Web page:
The best thing for Madonna would be to give up her pursuit of a film career and stick to making music. The next best thing (if she insists on being in the movies) would be to restrict herself to singing roles like her well-received turn in "Evita." Unfortunately, her current, melody-free offering serves only to showcase her bad acting -- and further prove that it's Rupert Everett, and not she, who has on-screen staying power.
With a plot that's reminiscent of a Lifetime network made-for-TV movie, "The Next Best Thing" finds Abbie (Madonna), a 33-year-old Los Angeles yoga instructor, drunkenly falling into bed with her gay best friend, Robert (Everett). Within weeks, Abbie learns that she's pregnant, assumes the child belongs to Robert and offers him the chance to live with her and help raise the child as their own.
Jumping ahead seven years, the family -- which now includes 6-year-old son Sam (Malcolm Stumpf) -- encounters a bump in its happy road. An out-of-town businessman named Ben (Benjamin Bratt) sweeps Abbie off her feet and threatens to head back to New York with her and her son in tow. Afraid of losing Sam, Robert puts a custody battle into motion.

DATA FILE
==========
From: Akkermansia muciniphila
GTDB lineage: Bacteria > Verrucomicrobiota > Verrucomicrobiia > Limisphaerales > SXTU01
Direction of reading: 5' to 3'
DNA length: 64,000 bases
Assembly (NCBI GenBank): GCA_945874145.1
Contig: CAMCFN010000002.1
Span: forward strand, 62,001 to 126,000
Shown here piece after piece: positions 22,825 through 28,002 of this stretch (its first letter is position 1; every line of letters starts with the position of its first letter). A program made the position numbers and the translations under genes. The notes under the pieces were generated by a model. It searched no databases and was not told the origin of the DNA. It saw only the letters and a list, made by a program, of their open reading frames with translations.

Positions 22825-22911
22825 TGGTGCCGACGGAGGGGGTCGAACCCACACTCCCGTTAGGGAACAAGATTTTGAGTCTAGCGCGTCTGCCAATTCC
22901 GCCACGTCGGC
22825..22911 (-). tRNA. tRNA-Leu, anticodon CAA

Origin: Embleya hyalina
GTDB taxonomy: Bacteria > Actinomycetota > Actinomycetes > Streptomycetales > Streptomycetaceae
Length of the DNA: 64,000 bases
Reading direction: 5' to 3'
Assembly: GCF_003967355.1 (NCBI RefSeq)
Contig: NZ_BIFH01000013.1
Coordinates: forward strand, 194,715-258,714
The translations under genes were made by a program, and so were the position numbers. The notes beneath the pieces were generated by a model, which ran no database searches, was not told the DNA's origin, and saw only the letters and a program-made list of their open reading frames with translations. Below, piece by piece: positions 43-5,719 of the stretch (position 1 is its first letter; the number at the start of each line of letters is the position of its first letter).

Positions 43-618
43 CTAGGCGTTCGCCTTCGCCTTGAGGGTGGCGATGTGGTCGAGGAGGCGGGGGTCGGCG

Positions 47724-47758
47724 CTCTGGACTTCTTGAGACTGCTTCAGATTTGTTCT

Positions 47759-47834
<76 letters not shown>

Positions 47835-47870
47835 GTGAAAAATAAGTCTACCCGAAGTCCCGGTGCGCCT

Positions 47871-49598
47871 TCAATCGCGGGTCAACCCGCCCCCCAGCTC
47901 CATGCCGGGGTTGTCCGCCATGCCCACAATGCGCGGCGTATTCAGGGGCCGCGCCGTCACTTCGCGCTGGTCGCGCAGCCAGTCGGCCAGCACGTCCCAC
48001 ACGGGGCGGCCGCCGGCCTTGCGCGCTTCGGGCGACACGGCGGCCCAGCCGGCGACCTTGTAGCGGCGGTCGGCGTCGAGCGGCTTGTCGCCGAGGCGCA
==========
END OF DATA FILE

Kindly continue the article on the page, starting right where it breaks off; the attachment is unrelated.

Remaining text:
Director John Schlesinger ("Midnight Cowboy") was supposedly chosen by Madonna and Everett to helm this project due to his ability to make a city (in this case Los Angeles) become a character in a film. Other than showing the shallow materialism of the "City of Angels," he falls miserably short of that goal. In fact, Schlesinger appears to have contributed nothing special to the project whatsoever.
While Madonna's acting becomes more tolerable in the later, more serious portion of the film, her work in its opening scenes (which establish her relationship with Everett's character) is extremely wooden. She delivers some horrific line readings in an accent that rapidly fluctuates from American to affected-British tones.
Everett, who created a magical chemistry with Julia Roberts in "My Best Friend's Wedding," is equally charming as Robert, but finds it difficult to build a similarly enchanted working relationship with his real-life friend Madonna. When he's on his own, he makes Robert endearing, frustrating and very human. Bratt is appealing as the man who comes between the family, but screenwriter Tom Ropelewski never manages to flesh out the character.
Several of the supporting actors are sorely wasted, particularly Lynn Redgrave as Robert's mother, Helen Whittaker, and Illeana Douglas as Elizabeth Ryder, the attorney Robert hires to pursue the custody battle.
"The Next Best Thing" does little to truly explore gay-parenting issues, and the emotional effects the legal stand-off might have on the child are simply not dealt with. But the film has produced a killer soundtrack, and I guess that's truly the best thing Madonna has to offer.
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